Col. Daniel Kenan, in the battle of Bentonville, was wounded in the leg so severely that amputation was necessary; and Col. Angus McLean was killed in the battle of Dallas on the retreat from Dalton to Atlanta.It may be truly said that the Florida troops, in both the Tennesseee Army and in Virginia, conducted themselves with patriotism and gallantry.

Source: Soldiers of Florida in the … Civil War … page 153

Chickamagua after battle report:Report of Col. J. J. Finley, Sixth Florida Infantry.HDQRS. SIXTH REGT. FLORIDA VOLUNTEERS,
Near Chattanooga, Tenn., September 25, 1863.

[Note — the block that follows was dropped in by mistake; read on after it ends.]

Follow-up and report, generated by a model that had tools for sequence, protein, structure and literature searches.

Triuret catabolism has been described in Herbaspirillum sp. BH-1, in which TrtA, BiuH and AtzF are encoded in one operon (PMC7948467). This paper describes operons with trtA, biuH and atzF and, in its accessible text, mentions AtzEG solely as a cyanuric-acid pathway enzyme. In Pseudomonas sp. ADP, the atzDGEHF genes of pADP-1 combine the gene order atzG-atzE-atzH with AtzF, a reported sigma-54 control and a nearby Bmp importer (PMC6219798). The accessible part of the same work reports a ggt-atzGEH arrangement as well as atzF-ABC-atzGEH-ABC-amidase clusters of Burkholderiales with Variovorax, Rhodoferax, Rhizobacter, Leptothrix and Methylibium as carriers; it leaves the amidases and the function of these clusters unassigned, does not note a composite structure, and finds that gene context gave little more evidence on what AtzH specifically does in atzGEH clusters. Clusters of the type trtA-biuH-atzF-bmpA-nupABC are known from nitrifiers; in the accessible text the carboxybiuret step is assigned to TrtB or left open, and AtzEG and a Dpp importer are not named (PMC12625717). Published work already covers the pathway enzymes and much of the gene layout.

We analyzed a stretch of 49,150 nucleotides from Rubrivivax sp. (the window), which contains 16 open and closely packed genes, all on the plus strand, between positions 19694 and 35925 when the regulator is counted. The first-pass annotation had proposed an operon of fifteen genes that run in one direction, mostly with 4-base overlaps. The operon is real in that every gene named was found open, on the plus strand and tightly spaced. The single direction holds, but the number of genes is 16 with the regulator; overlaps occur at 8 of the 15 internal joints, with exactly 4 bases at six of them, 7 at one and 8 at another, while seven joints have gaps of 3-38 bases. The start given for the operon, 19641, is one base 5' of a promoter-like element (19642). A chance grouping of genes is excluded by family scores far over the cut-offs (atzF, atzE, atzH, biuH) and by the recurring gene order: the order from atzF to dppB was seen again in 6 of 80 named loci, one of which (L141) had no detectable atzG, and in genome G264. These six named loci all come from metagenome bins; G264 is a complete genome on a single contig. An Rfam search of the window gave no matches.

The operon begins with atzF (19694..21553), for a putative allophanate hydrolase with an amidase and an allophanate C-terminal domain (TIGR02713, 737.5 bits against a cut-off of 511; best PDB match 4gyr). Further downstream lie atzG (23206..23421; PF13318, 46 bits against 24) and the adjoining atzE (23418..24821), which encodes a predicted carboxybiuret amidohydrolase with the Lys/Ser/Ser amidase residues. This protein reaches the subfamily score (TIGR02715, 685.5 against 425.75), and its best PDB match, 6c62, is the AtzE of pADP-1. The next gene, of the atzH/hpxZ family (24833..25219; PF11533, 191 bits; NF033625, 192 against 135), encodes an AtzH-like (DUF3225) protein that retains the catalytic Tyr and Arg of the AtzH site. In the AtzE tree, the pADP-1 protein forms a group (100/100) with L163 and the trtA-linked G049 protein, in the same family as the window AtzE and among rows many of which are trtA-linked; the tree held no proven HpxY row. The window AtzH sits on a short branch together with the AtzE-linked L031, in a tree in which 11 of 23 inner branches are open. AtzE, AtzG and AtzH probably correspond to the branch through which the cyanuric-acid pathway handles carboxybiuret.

CAPT.: I have the honor to submit the following report of the part taken by my regiment in the battle of the Chickamauga on Saturday and Sunday, the 19th and 20th instant:On the morning of the 19th, soon after we had crossed the Chickamauga Creek, the regiment was thrown into line of battle with the other regiments of the brigade in an open field, with the enemy’s batteries some distance in our front, but sufficiently near to shell us with effect. Here, by order of the brigade commander, Col. Trigg, our line was formed on a depression in the field for cover from the enemy’s fire. Notwithstanding this precaution, the while of my line was subjected over, and near, diagonally in many places from right to  left, frequently striking in front and ricochetting over my men, who were in a lying position.It was at this time that a shell from the enemy’s guns exploded upon the right of the third company, instantly killing First Lieut. James Harys, then  in command of his company, and his first sergeant, S. F. Staunton, and also Second Sergt. W. R. F. Potter, and wounding Lieut. W. S. Simmons on the left of the second company, commanded by Capt. White.The brigade was then ordered farther in front and my regiment put in position for the support of [Peoples’] battery upon the crest of a ridge. Here we were four about two hours subjected to a heavy fire of shot and shell without any casualty.We remained in this position until about 3.30 p. m., when the whole brigade was ordered to advance to the relief of [Robertson’s] brigade, of Hood’s division, which had for some time been engaging the enemy about half a mile in front. This advance was made under a heavy fire of the enemy’s batteries until we reached an open cornfield in front of my regiment, where the fire became now hot and galling.At this moment the order for a general advance was given and my regiment moved forward through the open field at a double-quick to the crest of the ridge the distance of about 300yards under a raking fire from a battery of the enemy which wasposted on my left, as well as from small-arms and sharpshooters in front. When the crest of the ridge was attained, which brought us within about 60 yards of the enemy’s advance, another battery in our front, and still another diagonally to our right, opened a hot and fierce fire upon us, still aided by the battery upon our left, which kept up without intermission an enfilading fire upon my whole line, which told with terrible effect upon my command.After engaging the enemy in this position for about half an hour without any support whatever, we were ordered to retire by the colonel commanding the brigade, who advanced with my regiment in the charge, witnessed its conduct, and also fully apprehended the necessity of falling back to prevent the utter annihilation of the whole regiment.While engaged with the enemy form the crest of the ridge, his battery in our front was not more than 150 yards from our lines, and upon our first arrival in this position some of his infantry were not more than 50 yards in our front. From his point we poured in a well-directed fire upon the infantry and the gunners in our front, which soon drove them back to the rifle-pits in rear of their battery (which I estimated to be about 150 yards in rear of their battery), leaving the guns unmanned and the battery flag cut down. At this moment, if my regiment could have been supported, I am of the opinion that my brigade commander could have made a successful charge upon the other two of the enemy’s batteries, which had been playing upon us with terrible effect from our first advance to our final retirement. My failure to receive support will be properly accounted for, doubtless, in the report of my brigade commander.The casualties of the regiment in the battle on the 19th briefly sum up as follows, to wit: